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Bringing HIV Prevention to Scale: An Urgent Global Priority

Corporate author: 
Global HIV Prevention Workgroup.
Publication details: 
Johannesburg, Global HIV Prevention Working Group, 2007

We should be winning in HIV prevention. There are effective means to prevent every mode of transmission; political commitment on HIV has never been stronger; and financing for HIV programs in low- and middle-income countries increased sixfold between 2001 and 2006. However, while attention to the epidemic, particularly for treatment access, has increased in recent years, the effort to reduce HIV incidence is faltering. For every patient who initiated antiretroviral therapy in 2006, six other individuals became infected with HIV (1, 2). If current trends continue, it is projected that 60 million more HIV infections will occur by 2015, and the annual number of new HIV infections will increase by 20% or more by 2012. Unless the number of new infections is sharply reduced, global efforts to make AIDS treatment widely available will become increasingly difficult, and millions more people may die as a result of preventable HIV infections. The dramatic rise in antiretroviral coverage, with global access increasing from 8% to 28% between 2003 and 2006, illustrates what the world can accomplish with strong global commitment, increased financing, and collective action. To date, a similar confluence of forces has not been applied to HIV prevention.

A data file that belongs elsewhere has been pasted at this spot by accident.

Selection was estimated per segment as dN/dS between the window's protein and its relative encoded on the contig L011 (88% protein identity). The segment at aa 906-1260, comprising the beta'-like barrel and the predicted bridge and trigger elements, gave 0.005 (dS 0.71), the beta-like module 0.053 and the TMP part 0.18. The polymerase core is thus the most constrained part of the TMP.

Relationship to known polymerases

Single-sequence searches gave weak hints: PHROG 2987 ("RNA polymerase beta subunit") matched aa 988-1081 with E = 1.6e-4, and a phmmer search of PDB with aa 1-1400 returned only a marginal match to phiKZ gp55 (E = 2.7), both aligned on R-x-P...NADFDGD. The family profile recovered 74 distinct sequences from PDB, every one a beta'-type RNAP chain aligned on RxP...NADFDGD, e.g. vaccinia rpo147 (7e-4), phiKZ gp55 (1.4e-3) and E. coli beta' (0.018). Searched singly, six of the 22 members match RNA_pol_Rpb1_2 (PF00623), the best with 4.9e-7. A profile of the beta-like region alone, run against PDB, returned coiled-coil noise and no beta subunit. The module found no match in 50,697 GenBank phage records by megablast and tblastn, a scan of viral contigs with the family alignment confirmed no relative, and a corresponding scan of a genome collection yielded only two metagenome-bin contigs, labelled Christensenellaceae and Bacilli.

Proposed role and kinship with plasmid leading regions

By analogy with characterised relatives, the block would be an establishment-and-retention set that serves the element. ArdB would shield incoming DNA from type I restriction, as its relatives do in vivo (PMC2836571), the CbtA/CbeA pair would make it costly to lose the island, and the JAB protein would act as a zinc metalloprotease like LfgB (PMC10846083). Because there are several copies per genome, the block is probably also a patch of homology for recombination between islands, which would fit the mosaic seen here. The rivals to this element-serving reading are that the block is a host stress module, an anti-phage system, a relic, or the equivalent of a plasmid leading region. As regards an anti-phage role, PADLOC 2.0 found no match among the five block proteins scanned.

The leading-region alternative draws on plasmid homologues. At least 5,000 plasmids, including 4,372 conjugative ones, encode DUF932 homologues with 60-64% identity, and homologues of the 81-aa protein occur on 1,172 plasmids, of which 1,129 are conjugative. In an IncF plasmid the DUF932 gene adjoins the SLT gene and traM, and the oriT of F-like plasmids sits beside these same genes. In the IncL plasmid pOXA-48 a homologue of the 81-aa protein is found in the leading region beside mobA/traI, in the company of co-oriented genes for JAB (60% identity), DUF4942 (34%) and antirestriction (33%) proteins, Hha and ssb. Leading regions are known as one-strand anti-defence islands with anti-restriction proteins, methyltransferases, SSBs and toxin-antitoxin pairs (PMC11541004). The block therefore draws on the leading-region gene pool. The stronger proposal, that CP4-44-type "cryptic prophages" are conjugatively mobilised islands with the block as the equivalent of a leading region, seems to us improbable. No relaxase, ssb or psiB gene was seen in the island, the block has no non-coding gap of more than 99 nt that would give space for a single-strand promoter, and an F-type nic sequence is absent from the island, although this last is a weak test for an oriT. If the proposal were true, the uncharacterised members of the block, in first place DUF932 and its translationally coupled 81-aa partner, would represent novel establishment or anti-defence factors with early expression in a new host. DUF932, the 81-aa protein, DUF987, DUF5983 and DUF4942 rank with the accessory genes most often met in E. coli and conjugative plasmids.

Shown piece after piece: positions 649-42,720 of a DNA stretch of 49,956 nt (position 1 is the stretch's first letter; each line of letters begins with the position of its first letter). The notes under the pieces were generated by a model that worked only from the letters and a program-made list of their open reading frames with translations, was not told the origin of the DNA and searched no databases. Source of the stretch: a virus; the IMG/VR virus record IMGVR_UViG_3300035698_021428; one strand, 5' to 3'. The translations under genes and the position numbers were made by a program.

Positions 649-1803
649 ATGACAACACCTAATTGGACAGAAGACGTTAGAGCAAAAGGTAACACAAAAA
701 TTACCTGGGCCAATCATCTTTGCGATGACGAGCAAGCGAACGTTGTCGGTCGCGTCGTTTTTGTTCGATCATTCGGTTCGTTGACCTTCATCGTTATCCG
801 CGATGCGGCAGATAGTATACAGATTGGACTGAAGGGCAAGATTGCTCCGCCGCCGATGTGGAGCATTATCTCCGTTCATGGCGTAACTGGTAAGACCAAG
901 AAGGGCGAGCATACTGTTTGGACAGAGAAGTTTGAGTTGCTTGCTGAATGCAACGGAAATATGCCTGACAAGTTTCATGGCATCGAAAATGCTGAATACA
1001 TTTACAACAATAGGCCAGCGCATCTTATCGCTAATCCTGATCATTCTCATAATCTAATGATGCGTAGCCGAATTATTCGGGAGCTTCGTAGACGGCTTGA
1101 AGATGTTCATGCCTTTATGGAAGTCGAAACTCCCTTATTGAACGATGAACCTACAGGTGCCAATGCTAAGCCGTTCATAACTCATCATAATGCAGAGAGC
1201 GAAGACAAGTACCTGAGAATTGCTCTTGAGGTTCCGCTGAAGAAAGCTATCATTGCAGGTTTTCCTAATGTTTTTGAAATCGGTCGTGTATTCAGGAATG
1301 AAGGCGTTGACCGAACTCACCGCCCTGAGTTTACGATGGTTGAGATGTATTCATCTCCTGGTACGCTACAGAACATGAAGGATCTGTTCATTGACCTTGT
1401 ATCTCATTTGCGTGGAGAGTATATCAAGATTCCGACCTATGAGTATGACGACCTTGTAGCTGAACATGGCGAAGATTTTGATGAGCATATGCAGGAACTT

This challenge, pivotal to the future health and well-being of millions, is the focus of this report by the Global HIV Prevention Working Group. It offers a new analysis that examines the future course of the epidemic with and without a greatly scaled-up prevention response; surveys the latest evidence on HIV prevention access; reviews the experience in countries where such barriers have been overcome; and closes with a series of urgent recommendations to bring the promise of HIV prevention to the countries and communities that need it the most. As the report shows, even in the midst of global failure to make optimal use of available prevention strategies, a number of countries, including some of the world’s poorest, have made tangible progress in reducing the number of new HIV infections through implementation of comprehensive HIV prevention efforts. Strong evidence and replicable models exist for HIV prevention scale-up, underscoring the need to move beyond localized pilot projects to broad-based, comprehensive national programs. If comprehensive HIV prevention were brought to scale, half of the infections projected to occur by 2015 could be averted. We believe that the future need not be a legacy of the past.